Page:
|Named By:||Charles Brongniart in 1885|
|Time Period:||305-299 Ma Late Carboniferous|
|Location:||Western Europe. Specifically Commentry in France and Bolsover in Derbyshire, England|
|Size:||Over 75 centimeter wingspan|
|Fossil(s):||Well preserved specimens|
|Classification:||| Arthtropoda | Insecta | Odonatoptera | Protudonata | Meganeuridae ||
Meganeura is a genus of extinct insects from the Carboniferous period (approximately 300 million years ago), which resembled and are related to the present-day dragonflies. With wingspans ranging from 65 cm (25.6 in) to over 70 cm (27.6 in), M. monyi is one of the largest known flying insect species; the Permian Meganeuropsis permiana is another. Meganeura were predatory, and fed on other insects.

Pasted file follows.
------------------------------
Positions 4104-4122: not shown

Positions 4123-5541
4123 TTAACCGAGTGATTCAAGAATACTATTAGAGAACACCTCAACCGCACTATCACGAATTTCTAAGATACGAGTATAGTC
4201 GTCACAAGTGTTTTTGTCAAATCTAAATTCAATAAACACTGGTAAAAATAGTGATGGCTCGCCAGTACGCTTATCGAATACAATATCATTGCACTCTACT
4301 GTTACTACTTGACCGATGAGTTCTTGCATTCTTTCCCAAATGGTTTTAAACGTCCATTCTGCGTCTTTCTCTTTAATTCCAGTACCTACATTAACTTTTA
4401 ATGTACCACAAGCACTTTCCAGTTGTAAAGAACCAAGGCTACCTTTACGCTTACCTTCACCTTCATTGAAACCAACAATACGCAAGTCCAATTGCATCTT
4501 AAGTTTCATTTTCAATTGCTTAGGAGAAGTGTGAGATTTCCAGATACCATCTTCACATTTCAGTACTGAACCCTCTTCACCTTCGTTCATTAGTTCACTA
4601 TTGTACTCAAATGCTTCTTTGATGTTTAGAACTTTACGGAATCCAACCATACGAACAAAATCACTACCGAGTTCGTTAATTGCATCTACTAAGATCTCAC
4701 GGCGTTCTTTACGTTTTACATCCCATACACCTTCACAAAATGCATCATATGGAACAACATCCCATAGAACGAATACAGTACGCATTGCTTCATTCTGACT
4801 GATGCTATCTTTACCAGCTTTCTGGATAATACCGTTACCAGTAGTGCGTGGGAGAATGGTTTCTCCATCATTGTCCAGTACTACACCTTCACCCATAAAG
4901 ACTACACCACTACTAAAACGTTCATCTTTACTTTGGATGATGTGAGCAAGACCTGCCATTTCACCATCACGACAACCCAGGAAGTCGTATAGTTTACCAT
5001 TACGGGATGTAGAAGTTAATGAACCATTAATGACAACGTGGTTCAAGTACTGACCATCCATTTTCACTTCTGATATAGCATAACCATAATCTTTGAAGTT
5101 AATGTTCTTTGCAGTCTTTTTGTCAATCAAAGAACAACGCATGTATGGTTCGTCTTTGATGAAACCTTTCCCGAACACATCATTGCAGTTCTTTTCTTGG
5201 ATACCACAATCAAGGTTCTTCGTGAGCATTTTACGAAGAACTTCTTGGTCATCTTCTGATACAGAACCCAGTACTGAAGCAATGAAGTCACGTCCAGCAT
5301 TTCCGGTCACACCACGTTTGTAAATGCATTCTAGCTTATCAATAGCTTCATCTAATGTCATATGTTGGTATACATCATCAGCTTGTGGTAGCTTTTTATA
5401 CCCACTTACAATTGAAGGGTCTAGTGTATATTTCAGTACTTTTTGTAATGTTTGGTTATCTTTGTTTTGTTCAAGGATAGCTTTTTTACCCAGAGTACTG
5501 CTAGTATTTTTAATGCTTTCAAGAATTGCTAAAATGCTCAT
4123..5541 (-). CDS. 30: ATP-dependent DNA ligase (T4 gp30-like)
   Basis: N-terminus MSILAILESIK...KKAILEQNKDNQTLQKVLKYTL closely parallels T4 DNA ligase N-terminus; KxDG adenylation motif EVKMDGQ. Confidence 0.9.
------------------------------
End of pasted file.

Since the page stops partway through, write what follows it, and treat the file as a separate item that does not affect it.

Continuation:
Fossils were discovered in the French Stephanian Coal Measures of Commentry in 1880. In 1885, French paleontologist Charles Brongniart described and named the fossil "Meganeura" (large-nerved), which refers to the network of veins on the insect's wings. Another fine fossil specimen was found in 1979 at Bolsover in Derbyshire. The holotype is housed in the Museum national d'histoire naturelle, Paris.